Diana: Queen of Style review – “England’s greatest punk”? I don’t think so | Television
II’m afraid to say that young people have discovered Diana, Princess of Wales. Maybe we’ll have to go through this in every generation now – another thing to add to the list, along with sex and drugs, that any cohort entering their majority thinks they’ve made up again. Just when you thought people couldn’t be more boring.
Speaking of boring, we move on to the 49-minute Channel 4 documentary (I know because I was checking how much more has yet to be done) Diana: Queen of Style. She was “the ultimate influencer,” it is claimed, with the program promising to retrace how she became “the perfect icon today.”
And then it was 47 minutes of almost pure chatter, produced by people who should know better. Perhaps the creators had – for reasons known only to themselves – wanted to keep Bimini drag star Bon Boulash’s self-contained and decontextualized assertion that “Diana was the greatest punk to come out of England” in the program, and therefore had to reduce everyone to a similar level. level of imbecility so that it does not stand out too much. I don’t know why I am looking so hard and so far for excuses. I guess it’s the natural human instinct to try and make sense of things that at first glance seem totally inexplicable. A measure of protection against the pervasive entropy of the universe, perhaps, including Instagramer Eloise Morgan’s belief that Diana’s black dress, worn at the Serpentine Gallery on the day Prince Charles revealed her affair with Camilla in the world, was “the most powerful moment in her story” would otherwise seem indisputable proof. “Everyone wants to look good after a breakup,” Morgan added. “And I can really relate to that.”
Diana was also, we are told, a pioneer of the #MeToo movement, because she did not do what the patriarchy wanted. (“She was that early feminist icon.”) Think of her as Christine de Pizan in Christina Stambolian.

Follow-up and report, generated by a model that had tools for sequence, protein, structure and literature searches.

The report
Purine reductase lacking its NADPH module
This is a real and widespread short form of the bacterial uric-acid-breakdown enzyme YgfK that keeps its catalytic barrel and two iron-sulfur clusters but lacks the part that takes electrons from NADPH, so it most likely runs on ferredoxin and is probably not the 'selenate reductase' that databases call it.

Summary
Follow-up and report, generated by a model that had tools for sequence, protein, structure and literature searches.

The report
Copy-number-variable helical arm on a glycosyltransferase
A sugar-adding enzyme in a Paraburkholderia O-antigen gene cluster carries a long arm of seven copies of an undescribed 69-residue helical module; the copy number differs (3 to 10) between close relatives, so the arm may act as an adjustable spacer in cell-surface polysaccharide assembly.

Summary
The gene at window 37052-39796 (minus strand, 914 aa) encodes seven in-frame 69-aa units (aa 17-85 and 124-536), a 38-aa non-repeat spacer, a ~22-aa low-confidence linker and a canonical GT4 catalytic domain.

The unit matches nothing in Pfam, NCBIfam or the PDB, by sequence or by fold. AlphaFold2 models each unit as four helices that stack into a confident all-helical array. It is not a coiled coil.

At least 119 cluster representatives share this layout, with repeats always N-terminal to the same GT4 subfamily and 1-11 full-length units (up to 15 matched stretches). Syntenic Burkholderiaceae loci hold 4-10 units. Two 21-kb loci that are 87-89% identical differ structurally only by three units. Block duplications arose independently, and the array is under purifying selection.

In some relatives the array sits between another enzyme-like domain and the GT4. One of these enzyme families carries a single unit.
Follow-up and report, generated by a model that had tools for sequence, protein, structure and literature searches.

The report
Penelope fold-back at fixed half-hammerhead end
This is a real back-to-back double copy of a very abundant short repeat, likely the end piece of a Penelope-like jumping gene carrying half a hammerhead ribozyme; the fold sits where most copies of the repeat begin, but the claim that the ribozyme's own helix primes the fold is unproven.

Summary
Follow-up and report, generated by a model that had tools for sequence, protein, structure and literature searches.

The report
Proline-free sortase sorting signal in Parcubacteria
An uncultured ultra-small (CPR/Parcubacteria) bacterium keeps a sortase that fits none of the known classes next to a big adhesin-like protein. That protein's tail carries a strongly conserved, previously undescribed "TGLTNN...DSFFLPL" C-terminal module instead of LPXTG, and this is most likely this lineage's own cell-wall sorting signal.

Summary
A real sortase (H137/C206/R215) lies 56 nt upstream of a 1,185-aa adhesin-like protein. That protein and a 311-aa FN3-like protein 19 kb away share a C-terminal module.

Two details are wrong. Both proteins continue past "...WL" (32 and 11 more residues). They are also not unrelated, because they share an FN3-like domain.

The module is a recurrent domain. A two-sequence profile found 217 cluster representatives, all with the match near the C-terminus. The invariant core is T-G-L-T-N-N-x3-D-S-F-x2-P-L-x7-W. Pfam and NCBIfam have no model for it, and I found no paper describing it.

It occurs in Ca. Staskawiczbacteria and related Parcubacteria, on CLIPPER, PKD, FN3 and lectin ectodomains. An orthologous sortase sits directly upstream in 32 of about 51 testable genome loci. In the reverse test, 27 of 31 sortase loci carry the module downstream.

We went on and on, breaking down and muddling the story, filling the modes and Diana with meaning, and emptying them all at the same time. The bright colors and the polka dots are “hers”, apparently. There was a “literal makeover,” when she stepped out of the car in her massive wedding dress designed by Emanuel. He had, his co-creator Elizabeth admitted, had bent in there a bit and, when she saw him, “My heart stopped for a minute.” But it’s okay now because – like they did with Diana, you see – people loved the imperfection, and Elizabeth now thinks it “reflected what happened later.”
We’ve gone from the early days of yellow dungarees, Liberty print skirts, sheepskin sweaters and voluminous maternity dresses to increasingly better clothes, silhouettes and hairstyles with no one pointing out that the queen of style n had no innate talent for the sartorial business. whatever, but was increasingly surrounded by people who lived and were paid to dress her enduringly slim and ravishing form appropriately for every occasion, and who helped her escape the ’80s as quickly as possible.
Some of them, like makeup artist and hairstylist Sam McKnight, spoke about her and their contributions to her evolving look with warmth and informal enthusiasm. Others, like Said Cyrus of Catherine Walker and Co, speak as if they are part of the Second Coming. “When we have had,” he said reverently, before stopping and placing a hand on his immaculate chest, “the privilege to have been invited to design for a royal tour, we wrote ourselves a very precise brief. The brief in question was to distill in each outfit a tribute both to the country visited and to Diana’s own England. He showed us the mood board of Bedouin women dressed in dresses in deep plant colors, fringed with small mirrors, and then the pointy-shouldered power costume in hot pink and red with big buttons that this inspiration sort of crept into. translated for Diana. It was one of the funniest things I have seen all year.
But the waste of everyone’s time and resources that such a program represented was even more glaring than a fuchsia jacket. Of course, there is a story to be told about Diana’s clothes and at times the program has tried to tell it, only to get overwhelmed by a tide of nonsense about how she was this, that and the other. , plus everything and everyone, all the time and now to people born after her death. Indeed, Queen of Style would have you believe that Diana invented punk, polka dots and Peter Pan collars, and has become an icon-heroine. Or, like, something.